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  • Place of origin:

    Surrey (on the border of, made)
    Hampshire (on the border of, made)

  • Date:

    1575-1600 (made)

  • Artist/Maker:


  • Materials and Techniques:

    Earthenware, dipped in a green lead glaze containing copper oxide

  • Credit Line:

    Given by Prof. A. H. Church

  • Museum number:


  • Gallery location:

    British Galleries, Room 56, The Djanogly Gallery, case 13

Object Type
Almost an archetypal ale mug - strong, with reinforced rim and foot and a broad strap handle - this piece shows influence both from imported German brown stonewares and from contemporary squat baluster-shaped pewter jugs.

Materials & Making
Throughout the 16th century the inhabitants of London were largely dependent on imported pottery for dining table, kitchen and tavern. These imports had either the advantage of superior material, like salt-glazed stonewares from Germany, or lively-coloured decoration, like maiolica from Italy, Spain or the Netherlands, and coloured lead-glazed earthenwares from France. Successful copies, such as this mug, were made using local materials. The fine almost white clays on the Surrey/Hampshire borders proved ideal for copying the sharp profiles of German stonewares, enhanced and made waterproof by a thick green glaze.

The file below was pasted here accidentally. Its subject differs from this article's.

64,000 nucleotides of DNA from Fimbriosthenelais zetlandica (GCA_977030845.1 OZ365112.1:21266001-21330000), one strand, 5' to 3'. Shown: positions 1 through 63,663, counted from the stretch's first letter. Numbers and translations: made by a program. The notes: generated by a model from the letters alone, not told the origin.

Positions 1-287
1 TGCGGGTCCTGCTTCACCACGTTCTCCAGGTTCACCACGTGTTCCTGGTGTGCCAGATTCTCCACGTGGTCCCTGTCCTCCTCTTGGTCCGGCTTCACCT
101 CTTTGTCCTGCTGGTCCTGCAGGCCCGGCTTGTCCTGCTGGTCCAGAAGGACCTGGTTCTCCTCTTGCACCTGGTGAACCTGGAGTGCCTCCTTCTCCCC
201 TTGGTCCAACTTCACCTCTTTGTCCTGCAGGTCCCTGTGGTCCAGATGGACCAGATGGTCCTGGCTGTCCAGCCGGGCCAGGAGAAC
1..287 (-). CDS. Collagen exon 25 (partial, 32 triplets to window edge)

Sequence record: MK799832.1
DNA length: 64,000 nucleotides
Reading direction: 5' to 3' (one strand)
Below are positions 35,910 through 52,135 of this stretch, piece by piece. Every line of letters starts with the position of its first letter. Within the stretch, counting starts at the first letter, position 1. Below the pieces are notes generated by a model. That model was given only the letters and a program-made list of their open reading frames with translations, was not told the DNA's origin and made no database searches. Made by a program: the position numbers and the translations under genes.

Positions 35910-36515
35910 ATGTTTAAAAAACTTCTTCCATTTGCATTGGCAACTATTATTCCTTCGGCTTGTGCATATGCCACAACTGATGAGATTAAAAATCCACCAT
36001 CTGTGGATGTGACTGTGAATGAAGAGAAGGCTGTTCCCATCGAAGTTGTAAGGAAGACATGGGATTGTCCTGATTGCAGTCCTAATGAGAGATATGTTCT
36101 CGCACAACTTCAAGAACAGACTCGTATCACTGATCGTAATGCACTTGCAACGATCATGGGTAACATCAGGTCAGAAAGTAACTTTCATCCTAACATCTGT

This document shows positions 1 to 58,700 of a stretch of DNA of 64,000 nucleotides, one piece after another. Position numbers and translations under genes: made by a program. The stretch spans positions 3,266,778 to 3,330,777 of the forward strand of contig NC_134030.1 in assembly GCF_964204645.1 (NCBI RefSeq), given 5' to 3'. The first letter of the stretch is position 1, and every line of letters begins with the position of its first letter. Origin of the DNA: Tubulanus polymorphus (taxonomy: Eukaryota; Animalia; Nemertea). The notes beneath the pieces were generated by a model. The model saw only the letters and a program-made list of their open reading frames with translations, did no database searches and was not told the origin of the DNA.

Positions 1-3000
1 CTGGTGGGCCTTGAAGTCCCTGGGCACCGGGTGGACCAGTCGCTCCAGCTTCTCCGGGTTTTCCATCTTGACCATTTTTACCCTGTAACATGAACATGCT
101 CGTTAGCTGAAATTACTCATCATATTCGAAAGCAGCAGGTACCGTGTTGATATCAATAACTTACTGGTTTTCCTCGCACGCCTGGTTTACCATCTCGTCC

Physical description

Lead-glazed earthenware jug.

Place of Origin

Surrey (on the border of, made)
Hampshire (on the border of, made)


1575-1600 (made)



Materials and Techniques

Earthenware, dipped in a green lead glaze containing copper oxide


Height: 11 cm approx., Width: 9 cm approx.

Object history note

Made on the Surrey/Hampshire borders, England

Descriptive line

Lead-glazed earthenware jug, Surrey-Hampshire border ('Border Ware'), early 16th Century .

Bibliographic References (Citation, Note/Abstract, NAL no)

Hildyard, Robin. European Ceramics. London : V&A Publications, 1999. 144 p., ill. ISBN 185177260X

Labels and date

British Galleries:
English potters imitated imported German beer mugs using local materials, notably the fine clay around Farnham on the Surrey / Hampshire borders. Such wares are now known as 'borderware'. The potteries continued to make lead-glazed beer mugs until the end of the 17th century, but by then the favoured glaze was lustrous brown, containing iron and manganese. [27/03/2003]


Earthenware; Lead glaze


Glazing (coating)


Ceramics; British Galleries


Ceramics Collection

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